|Courtesy Wikipedia/Derek Ramsey
New Milford, Connecticut
"The statement that a hydro-electric plant can pump its own water supply sounds absurd on the face of it, yet this is virtually what happens in the case of the Rocky River Hydro Plant..."
- Chief Engineer Paul Heslop, Connecticut Society of Civil Engineering meeting, 1928
Most residents of western Connecticut know 11-mile long Candlewood Lake as a recreational resource for boating, fishing, and swimming. Not many are aware that the lake is part of the first major project in the United States designed to generate electricity from water pumped into a reservoir. The project's design is made possible by the economics of the electricity market, where power provided during periods of greatest demand generates the highest rates.
To create Candlewood Lake, builders dammed a pair of tributaries to the Housatonic River, forming the basis for the reservoir. The eight-square-mile storage area is then filled by pumping water from the Housatonic at periods when electricity to run the pumps is least expensive. Power generated by releasing the same water can then be sold at higher rates during periods of peak demand. The technology pioneered at the Rocky River project-reversible pumps that also act as generators-was not widely used in other U.S. projects until the 1950s and 1960s.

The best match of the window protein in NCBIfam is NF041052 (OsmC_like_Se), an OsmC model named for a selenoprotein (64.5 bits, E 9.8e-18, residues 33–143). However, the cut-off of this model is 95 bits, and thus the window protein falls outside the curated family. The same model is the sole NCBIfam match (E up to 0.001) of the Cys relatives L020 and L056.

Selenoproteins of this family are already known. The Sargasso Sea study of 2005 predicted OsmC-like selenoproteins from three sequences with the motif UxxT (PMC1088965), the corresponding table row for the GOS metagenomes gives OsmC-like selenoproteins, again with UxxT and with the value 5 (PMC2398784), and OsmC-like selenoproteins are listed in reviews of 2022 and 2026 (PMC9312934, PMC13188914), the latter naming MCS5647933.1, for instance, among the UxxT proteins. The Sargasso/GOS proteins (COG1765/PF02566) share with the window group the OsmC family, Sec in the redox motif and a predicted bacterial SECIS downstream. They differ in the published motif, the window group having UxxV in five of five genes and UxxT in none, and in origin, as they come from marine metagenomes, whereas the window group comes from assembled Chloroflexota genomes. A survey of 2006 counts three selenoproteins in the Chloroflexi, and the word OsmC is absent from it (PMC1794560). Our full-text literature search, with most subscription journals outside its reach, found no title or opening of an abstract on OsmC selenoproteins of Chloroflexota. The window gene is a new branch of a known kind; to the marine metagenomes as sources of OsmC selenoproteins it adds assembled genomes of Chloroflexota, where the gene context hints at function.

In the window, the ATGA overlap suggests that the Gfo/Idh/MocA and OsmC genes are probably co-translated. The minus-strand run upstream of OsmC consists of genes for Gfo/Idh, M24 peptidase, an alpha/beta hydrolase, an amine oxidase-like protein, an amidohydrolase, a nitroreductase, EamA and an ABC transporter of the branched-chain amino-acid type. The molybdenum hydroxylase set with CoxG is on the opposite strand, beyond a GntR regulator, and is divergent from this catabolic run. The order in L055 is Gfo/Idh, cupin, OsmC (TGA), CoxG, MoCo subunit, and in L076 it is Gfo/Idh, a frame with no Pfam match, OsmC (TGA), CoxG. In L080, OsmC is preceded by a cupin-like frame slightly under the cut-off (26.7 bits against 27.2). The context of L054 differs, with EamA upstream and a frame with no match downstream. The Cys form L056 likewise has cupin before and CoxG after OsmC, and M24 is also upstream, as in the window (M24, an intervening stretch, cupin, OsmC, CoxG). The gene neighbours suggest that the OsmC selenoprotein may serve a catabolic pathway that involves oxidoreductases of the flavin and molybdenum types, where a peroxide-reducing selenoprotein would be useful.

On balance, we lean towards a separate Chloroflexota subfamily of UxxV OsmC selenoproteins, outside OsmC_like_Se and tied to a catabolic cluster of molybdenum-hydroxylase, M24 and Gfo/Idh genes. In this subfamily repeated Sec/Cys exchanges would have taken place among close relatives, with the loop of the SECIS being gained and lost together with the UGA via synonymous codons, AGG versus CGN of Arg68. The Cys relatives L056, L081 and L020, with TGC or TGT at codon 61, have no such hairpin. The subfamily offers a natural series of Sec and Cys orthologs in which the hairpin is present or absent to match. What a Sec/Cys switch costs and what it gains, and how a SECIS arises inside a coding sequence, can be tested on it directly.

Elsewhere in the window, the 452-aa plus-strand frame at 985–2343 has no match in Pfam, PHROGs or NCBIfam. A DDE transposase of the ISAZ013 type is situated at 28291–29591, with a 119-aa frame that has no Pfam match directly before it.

1. The first pumped-storage facility in the world was built in 1909 near Schaffhausen, Switzerland. Unlike the Rocky River plant, it used a pump to store water and a separate turbine to generate electricity. By the time of the Rocky River project, more than 40 pumped-storage hydroelectric facilities had been built throughout Europe.
2. With Candlewood Lake and the Housatonic River differing in elevation by 200 feet, the Rocky River plant uses a single penstock, 1,000 feet long, to carry water downhill and lift it uphill. The Rocky River plant's pair of 8,100-horsepower pumps together are capable of lifting a million gallons every four minutes. At the time of their installation, they were largest of their kind in the world.
3. The Rocky River plant pumps water when the Housatonic River runs high. When the river runs low, water released from the lake to create electricity also raises the river level, helping generate additional power at two downriver plants. For every kilowatt-hour used to pump water, the three plants together can generate 1.3 kilowatt-hours.